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What drives someone to climb into the cockpit of a flying death trap to test dangerous aircraft that most men were afraid to fly?

What drives someone to rebel against social convention and gender roles to risk their life for two thirds of the pay of their male counterparts? What drives someone to risk their life, knowing all along that if they die in a plane crash, or training accident that their sister pilots would end up passing the hat to pay for their funeral expenses because you were considered a civilian contractor versus a veteran?

The answer is pure passion. Passion for flying, coupled with passion to serve and help defend their country. These two elements combined gave the brave women of the Women Airforce Service Pilots (WASP) the courage and the drive to overcome the obstacles preventing their service in the air. Theirs was a sisterhood, women banded together with a common sense of drive and purpose. They were U. S. federal civil employees, and therefore did not qualify for military benefits. For some, it was all they could do to scrape together the money for transportation to their training site. Once there, they were required to pay for not only their own room and board, but also for their uniforms. Their purpose was to free male pilots to fly combat missions by ferrying aircraft from factories to airbases, testing aircraft and training other pilots. They risked their lives daily, not only flying and testing aircraft, but also as part of a training program which involved towing target aircraft to be used by combat pilots on the ground for target practice. On more than one occasion, the pilots who were practicing on the ground mistakenly shot down the towing plane instead of target plane. The whole operation was risky and extremely dangerous. These brave women pilots knew that going in, but unflinchingly did it anyway.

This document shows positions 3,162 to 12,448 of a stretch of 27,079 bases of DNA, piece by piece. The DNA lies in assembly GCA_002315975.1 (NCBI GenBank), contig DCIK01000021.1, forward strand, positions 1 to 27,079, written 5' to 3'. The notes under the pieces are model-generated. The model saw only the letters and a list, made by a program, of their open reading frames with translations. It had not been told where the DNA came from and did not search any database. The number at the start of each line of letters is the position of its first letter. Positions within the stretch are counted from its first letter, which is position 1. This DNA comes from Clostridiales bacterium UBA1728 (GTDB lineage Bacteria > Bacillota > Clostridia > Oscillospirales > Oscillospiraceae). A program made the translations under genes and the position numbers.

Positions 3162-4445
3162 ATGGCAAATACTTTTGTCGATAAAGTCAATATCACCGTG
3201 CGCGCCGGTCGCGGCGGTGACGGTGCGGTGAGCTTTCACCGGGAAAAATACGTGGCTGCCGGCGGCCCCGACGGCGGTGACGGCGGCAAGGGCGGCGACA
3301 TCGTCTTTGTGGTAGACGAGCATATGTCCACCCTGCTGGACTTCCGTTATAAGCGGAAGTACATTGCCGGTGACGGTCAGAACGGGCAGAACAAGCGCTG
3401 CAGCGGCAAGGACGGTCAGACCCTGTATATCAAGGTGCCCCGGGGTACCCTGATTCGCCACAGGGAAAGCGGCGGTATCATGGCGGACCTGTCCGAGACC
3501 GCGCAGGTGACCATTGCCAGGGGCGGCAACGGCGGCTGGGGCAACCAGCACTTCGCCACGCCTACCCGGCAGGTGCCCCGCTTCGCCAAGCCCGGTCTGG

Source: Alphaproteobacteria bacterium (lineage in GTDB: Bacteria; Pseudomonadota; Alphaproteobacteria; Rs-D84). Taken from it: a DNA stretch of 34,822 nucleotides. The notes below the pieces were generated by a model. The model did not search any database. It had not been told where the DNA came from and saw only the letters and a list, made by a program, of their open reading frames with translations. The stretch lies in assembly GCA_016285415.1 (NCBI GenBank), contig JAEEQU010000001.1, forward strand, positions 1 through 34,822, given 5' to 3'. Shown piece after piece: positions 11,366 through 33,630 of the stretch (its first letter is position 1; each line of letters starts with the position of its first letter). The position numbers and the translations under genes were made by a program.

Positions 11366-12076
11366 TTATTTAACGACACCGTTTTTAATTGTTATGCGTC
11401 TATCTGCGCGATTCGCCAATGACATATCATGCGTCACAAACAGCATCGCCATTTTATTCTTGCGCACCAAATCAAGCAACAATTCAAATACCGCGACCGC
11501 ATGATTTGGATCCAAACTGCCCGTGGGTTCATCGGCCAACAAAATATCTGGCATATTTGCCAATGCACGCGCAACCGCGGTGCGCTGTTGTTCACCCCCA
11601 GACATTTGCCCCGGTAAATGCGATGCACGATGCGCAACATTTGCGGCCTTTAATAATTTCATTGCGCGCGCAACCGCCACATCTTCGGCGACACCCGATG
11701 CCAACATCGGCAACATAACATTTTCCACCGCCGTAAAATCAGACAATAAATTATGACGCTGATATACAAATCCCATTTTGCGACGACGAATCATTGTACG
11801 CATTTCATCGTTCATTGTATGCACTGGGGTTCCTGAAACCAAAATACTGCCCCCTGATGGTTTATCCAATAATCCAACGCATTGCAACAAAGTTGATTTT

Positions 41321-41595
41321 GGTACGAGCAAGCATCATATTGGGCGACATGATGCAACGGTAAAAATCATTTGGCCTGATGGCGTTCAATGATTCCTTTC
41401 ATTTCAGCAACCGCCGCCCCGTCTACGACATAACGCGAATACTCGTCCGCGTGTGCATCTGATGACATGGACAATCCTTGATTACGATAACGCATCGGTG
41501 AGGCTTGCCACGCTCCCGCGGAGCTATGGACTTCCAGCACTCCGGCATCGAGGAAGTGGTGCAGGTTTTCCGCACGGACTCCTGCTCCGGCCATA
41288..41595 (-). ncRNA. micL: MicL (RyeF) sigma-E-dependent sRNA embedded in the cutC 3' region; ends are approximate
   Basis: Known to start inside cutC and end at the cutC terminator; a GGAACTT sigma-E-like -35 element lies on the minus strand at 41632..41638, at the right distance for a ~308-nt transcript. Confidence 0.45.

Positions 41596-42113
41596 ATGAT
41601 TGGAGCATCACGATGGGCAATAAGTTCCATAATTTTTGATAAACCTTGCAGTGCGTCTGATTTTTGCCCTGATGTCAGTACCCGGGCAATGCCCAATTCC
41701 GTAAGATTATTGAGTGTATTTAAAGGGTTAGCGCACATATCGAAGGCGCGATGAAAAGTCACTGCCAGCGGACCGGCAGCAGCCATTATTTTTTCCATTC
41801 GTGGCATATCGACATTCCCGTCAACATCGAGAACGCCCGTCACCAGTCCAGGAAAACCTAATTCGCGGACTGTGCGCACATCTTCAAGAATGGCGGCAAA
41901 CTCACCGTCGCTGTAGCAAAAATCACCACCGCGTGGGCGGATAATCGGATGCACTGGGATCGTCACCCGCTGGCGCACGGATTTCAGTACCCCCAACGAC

The WASPs unselfishly served their country during World War II and above all things, wanted to continue their service after World War II ended. In order to do that, they would need to be granted veteran status. In 1944, U.S. House Bill HR 4219 was introduced to provide military status for the WASP’s, but unfortunately it was narrowly defeated due to the expense of the program and the fact that maintaining the program in peace time would take pilot positions away from men. Many WASPs so loved their service that they volunteered to continue flying aircraft for US$1.00 an hour, (roughly equivalent of $14.50 in 2019.) Their offer was rejected and sadly they were disbanded. It was a crushing blow, but they did not give up on their quest to achieve Veteran status. They launched a lobbying effort which took 33 years to come to fruition. In 1977, a bill was signed by President Carter awarding them veteran’s status.

These women operated out of pure passion -for aviation and for service. The face of opposition did not deter them. Instead, they pressed forward, braving the way for generations of women pilots to come. Silver Wings is a tribute to them.


Although the WASPs were not an actual branch of the military, they still had to wear uniforms. WASP silver wings were worn on the chest, along with the wing and prop insignia and gold

“W.A.S.P.” insignia on the lapels. Early WASP wings were given as a gift to the graduating classes. Official WASP wings were designed and made available by December 1943.